So Many Choices, So Little Time

So Many Choices, So Little Time

he 1st quarter of this year has been one of the most challenging and interesting quarters for me in some time. I have been working with a client to help them switch to a new platform using Visual Studio .NET, C#, .NET Framework and Microsoft SQL Server. Helping them define this platform was actually the easy part. The challenging part has been in selecting the parts of the VS.NET/SQL Server platform appropriate for their development team.

The challenge is to select tools/techniques that will help them develop their applications far into the future. This is where a crystal ball would be nice. Here some of the choices we’re considering:


  • Typed
  • Untyped

Report Authoring

  • SQL Server Reporting Services
  • Active Reports
  • Crystal Reports

Multi-Tier Technology

  • Web Services
  • Remoting
  • Enterprise Services


  • Native .NET Framework Grid (Not!)
  • Component One Grid
  • Infragistics Grid

Now the trick is to take a look at each of these tools/technologies and decide which ones will be around for some time. We’re trying to predict which ones could change in the future and not disrupt the development plans of the company.

Some decisions are easier than others. In the grid category both Component One and Infragistics grids are good candidates.

The others are not so easy. In the DataSet category we have yet to reach consensus. I posted messages on some online forums and there is no real consensus among those developers. Each technology has its own advantages and disadvantages.

Another difficult decision is in the report authoring category. Each reporting tool has its own set of advantages and disadvantages. This area was thrown wide open when Microsoft Reporting Services arrived on the scene.

See also  Comparing different methods of testing your Infrastructure-as-Code

So what does this mean for CoDe Magazine readers?

Creating CoDe Labs
Later in the year, look for a new column called CoDe Labs. Each column will examine the various tools and technologies available to .NET developers today.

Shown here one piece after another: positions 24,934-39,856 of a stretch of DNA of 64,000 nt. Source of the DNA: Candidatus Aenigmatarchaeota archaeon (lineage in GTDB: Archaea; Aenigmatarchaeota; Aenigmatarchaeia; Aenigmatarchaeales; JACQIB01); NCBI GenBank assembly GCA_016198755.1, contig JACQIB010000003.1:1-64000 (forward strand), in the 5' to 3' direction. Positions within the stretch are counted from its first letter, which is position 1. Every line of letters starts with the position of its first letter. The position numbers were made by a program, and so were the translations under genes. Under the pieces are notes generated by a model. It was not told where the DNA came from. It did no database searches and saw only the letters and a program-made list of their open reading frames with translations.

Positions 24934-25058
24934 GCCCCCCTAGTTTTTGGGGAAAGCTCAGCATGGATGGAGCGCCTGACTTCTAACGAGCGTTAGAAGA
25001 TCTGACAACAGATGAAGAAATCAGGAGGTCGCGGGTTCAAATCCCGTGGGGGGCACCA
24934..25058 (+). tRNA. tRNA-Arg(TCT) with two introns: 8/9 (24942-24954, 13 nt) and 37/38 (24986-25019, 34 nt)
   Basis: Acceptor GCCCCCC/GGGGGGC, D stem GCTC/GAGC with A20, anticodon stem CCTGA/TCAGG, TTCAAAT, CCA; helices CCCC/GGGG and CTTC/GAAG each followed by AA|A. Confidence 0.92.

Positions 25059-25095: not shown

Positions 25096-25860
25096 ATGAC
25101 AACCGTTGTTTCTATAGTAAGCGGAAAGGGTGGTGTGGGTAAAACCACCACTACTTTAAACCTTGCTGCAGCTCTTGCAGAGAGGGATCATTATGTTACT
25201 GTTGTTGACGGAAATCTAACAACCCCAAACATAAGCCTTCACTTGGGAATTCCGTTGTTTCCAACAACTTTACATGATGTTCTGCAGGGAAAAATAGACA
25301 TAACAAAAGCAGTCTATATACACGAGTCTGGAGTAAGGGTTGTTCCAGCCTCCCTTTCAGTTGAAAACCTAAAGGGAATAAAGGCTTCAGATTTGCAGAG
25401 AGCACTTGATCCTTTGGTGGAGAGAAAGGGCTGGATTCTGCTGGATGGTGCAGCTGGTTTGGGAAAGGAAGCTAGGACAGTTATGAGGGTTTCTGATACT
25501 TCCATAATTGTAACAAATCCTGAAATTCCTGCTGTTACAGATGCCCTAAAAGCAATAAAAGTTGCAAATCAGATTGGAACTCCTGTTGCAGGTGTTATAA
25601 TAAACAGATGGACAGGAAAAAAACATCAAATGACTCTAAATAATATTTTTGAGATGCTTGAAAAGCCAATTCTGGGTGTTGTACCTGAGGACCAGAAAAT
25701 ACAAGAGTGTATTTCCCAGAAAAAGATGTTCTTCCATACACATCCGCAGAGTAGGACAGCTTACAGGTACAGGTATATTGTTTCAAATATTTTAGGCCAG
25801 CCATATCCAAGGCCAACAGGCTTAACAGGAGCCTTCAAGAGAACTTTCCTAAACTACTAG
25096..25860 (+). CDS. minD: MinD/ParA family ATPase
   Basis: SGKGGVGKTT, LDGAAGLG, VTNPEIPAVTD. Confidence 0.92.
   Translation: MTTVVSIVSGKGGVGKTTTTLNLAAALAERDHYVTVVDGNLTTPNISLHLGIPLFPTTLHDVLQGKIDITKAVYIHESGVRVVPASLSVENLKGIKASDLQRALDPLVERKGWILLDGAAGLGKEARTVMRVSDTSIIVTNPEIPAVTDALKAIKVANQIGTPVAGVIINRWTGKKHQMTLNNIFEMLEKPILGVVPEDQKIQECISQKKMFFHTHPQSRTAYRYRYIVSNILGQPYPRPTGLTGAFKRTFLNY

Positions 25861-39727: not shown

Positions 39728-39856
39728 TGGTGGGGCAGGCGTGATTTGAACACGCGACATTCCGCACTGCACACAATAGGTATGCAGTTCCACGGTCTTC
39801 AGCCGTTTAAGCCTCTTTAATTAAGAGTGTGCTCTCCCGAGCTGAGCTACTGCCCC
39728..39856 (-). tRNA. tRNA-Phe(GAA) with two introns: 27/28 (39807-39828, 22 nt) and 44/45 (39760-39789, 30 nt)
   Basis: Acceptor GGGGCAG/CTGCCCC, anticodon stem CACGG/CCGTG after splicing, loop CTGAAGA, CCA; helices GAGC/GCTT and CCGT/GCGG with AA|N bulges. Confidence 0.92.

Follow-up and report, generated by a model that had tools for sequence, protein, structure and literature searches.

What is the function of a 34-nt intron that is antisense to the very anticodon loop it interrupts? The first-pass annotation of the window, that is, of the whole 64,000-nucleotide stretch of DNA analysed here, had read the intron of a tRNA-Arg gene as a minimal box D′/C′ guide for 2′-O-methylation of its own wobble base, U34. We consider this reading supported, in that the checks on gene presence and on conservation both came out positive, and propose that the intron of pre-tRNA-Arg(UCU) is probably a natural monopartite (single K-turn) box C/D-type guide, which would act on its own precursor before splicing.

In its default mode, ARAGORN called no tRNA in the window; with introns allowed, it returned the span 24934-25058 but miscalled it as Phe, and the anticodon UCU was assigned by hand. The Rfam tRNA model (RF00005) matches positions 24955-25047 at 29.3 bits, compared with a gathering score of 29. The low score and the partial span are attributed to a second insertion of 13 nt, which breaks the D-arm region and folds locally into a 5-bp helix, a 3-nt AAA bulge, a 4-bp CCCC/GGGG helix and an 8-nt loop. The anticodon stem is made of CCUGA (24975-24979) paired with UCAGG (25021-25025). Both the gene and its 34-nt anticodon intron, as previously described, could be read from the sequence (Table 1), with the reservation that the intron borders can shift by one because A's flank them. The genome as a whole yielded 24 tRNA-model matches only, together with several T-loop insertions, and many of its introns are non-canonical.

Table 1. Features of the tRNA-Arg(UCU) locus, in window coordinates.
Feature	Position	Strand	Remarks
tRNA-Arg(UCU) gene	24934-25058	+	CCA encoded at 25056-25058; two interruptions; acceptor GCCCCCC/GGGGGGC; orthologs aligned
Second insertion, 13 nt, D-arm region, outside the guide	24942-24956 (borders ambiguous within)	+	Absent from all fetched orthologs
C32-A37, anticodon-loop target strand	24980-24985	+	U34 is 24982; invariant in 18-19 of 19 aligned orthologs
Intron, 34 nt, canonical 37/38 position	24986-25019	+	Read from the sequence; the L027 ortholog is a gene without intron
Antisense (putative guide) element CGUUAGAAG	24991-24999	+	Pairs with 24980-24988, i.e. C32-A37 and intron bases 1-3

With so many choices out there, this column will help developers and managers decide which technologies are right for their development shops. Each issue will take a hard look at a particular technology or set of tools and present the pros and cons of using that technology or tool. We hope this column will be helpful in deciding your development directions. We’ve been debating about the format of the testing and how to present it. As a publication built by developers for developers, we feel particularly pushed not to do a half-effort product review. I welcome your comments on this topic. What elements of software testing have you read that you think were particularly good? What was weak? What hasn’t been done that you’d like to see? Do you want it presented online differently than in print? What categories or specific products do you want to read about? What are the decision points for you when you’re evaluating a product? As you can see, it’s a lot to get your head around.

Visual Studio 2005 and SQL Server 2005
It’s finally been announced. The next versions of VS.NET and SQL Server won’t ship until 2005. This doesn’t stop us from presenting content. In the coming issues we will be adding more content about Yukon and Whidbey so you can be prepared as these products enter beta and get closer to shipping.

See also  Comparing different methods of testing your Infrastructure-as-Code

Heard on .NET Rocks
CoDe Magazine and .NET Rocks have joined forces. In this issue you’ll read the first column from Carl Franklin, founder and host of .NET Rocks and an all around icon in the VB community himself. .NET Rocks is a great show that interviews the “players” of the .NET development community. Take a listen at

?Rodman out!


About Our Editorial Process

At DevX, we’re dedicated to tech entrepreneurship. Our team closely follows industry shifts, new products, AI breakthroughs, technology trends, and funding announcements. Articles undergo thorough editing to ensure accuracy and clarity, reflecting DevX’s style and supporting entrepreneurs in the tech sphere.

See our full editorial policy.

About Our Journalist